Sir Richard Branson, the risk-loving multi-billionaire founder of The Virgin Group, recently spoke with Inc.com's Christine Lagorio about what small businesses can do to "do good," what he views as capitalism's underlying problems, and why he identifies with the Occupy Wall Street protesters (despite being solidly in the 1 percent).
You've said you support Occupy Wall Street. Do you secretly plan to camp out in a tent this winter?
I just think that first of all peaceful demonstrations should be allowed in any country; police should not try breaking up peaceful demonstrations. They have a good reason to demonstrate. A few greedy people in the banking community nearly brought down the world, and that's made people angry. I think not just the banking community, but the whole of the business community needs to make sure that capitalism puts on a genuinely positive face and gets out there and helps change the world to an extent that the Occupy Wall Street demonstrators can feel they've done their jobs and go home. It's up to every single person who works in business to play their part, even in a small way, to rectify the damage that's been done. What they're campaigning for is for businesses to become forces of good. If businesses can become forces of good and can grow hearts and get out there and not just be money-making machines, then, you know, I think that will be all for the better.
How exactly can businesses grow fast, be wildly successful, and still have—as you say—a heart?
The first priority for a business is building that business: making sure it is secure, employing people, and setting out to make a difference in whatever field that business is in. Once a business-owner is on top of those issues, then they can afford to use their entrepreneurial skills to get out there and try to solve some of the problems of the world. Maybe set up one or two not-for-profit businesses alongside their for-profit business. Maybe try to invest money in greening their cities, or coming up with clean fuels, or trying to tackle an issue: for small business, a local issue; for large business, a national issue; for bigger business still, an international issue.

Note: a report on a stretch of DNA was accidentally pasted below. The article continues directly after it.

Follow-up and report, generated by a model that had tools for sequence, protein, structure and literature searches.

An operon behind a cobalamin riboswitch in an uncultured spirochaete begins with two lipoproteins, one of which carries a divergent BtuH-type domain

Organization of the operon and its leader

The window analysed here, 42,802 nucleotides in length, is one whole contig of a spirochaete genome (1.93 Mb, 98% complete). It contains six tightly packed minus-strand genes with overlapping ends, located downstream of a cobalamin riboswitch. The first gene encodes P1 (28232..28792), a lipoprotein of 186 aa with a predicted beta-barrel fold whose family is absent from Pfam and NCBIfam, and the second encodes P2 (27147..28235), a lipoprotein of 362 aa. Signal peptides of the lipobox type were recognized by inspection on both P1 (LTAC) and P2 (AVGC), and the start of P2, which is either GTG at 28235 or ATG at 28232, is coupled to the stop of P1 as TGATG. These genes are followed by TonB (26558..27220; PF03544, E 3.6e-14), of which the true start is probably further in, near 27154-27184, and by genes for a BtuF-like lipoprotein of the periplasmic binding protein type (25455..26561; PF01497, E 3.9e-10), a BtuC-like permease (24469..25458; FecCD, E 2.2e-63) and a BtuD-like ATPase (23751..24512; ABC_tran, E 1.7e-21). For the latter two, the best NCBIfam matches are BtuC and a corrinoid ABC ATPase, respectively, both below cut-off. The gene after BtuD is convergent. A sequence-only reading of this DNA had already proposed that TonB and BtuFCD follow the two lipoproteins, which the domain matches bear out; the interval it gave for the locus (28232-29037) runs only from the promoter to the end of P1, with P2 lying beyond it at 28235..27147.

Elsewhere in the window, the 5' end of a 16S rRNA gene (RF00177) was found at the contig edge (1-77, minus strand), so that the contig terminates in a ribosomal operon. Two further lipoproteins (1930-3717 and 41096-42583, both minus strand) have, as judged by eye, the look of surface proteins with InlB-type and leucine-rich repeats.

So, it's not just up to bankers and government, you're saying it's up to entrepreneurs to fix the U.S. economy?
There is a fundamental problem with capitalism. And that is that it's the only system that works, but it does bring extreme wealth to a few individuals. Therefore, if you’re lucky enough to be one of those few individuals, you have to make sure you use that responsibility extremely well, and that you use that wealth to create more jobs and to try to sort out some of the intractable problems of the world. As a business leader, I'm no more successful than a doctor or a nurse or a journalist, but I have that wealth, and with wealth—as they say—comes responsibility.
What about young entrepreneurs just starting out? What advice would you give to a 20-year-old with a start-up idea right now?
Well, I think if you're a 20-year-old, what you want to do is think, "What am I frustrated with in life, and how can I make it better?" I went into the airline business when I was in the record business, and I hated the experience of flying on other people's airlines. I thought, "I could do it better, so let’s just get one second-hand 747 and see if I’m right." I think it doesn’t have to be on a grand scale like that, but if you feel like you can do something better, give it a try. And if you do it better, it doesn’t matter if you’re competing with big companies, people will seek your product out. And then find a great group of people around you who also believe in the difference you are trying to make and inspire them to work with you. Just get up and give it a go.
Branson's new book, Screw Business as Usual, is due out Dec. 8.
This interview has been edited and condensed.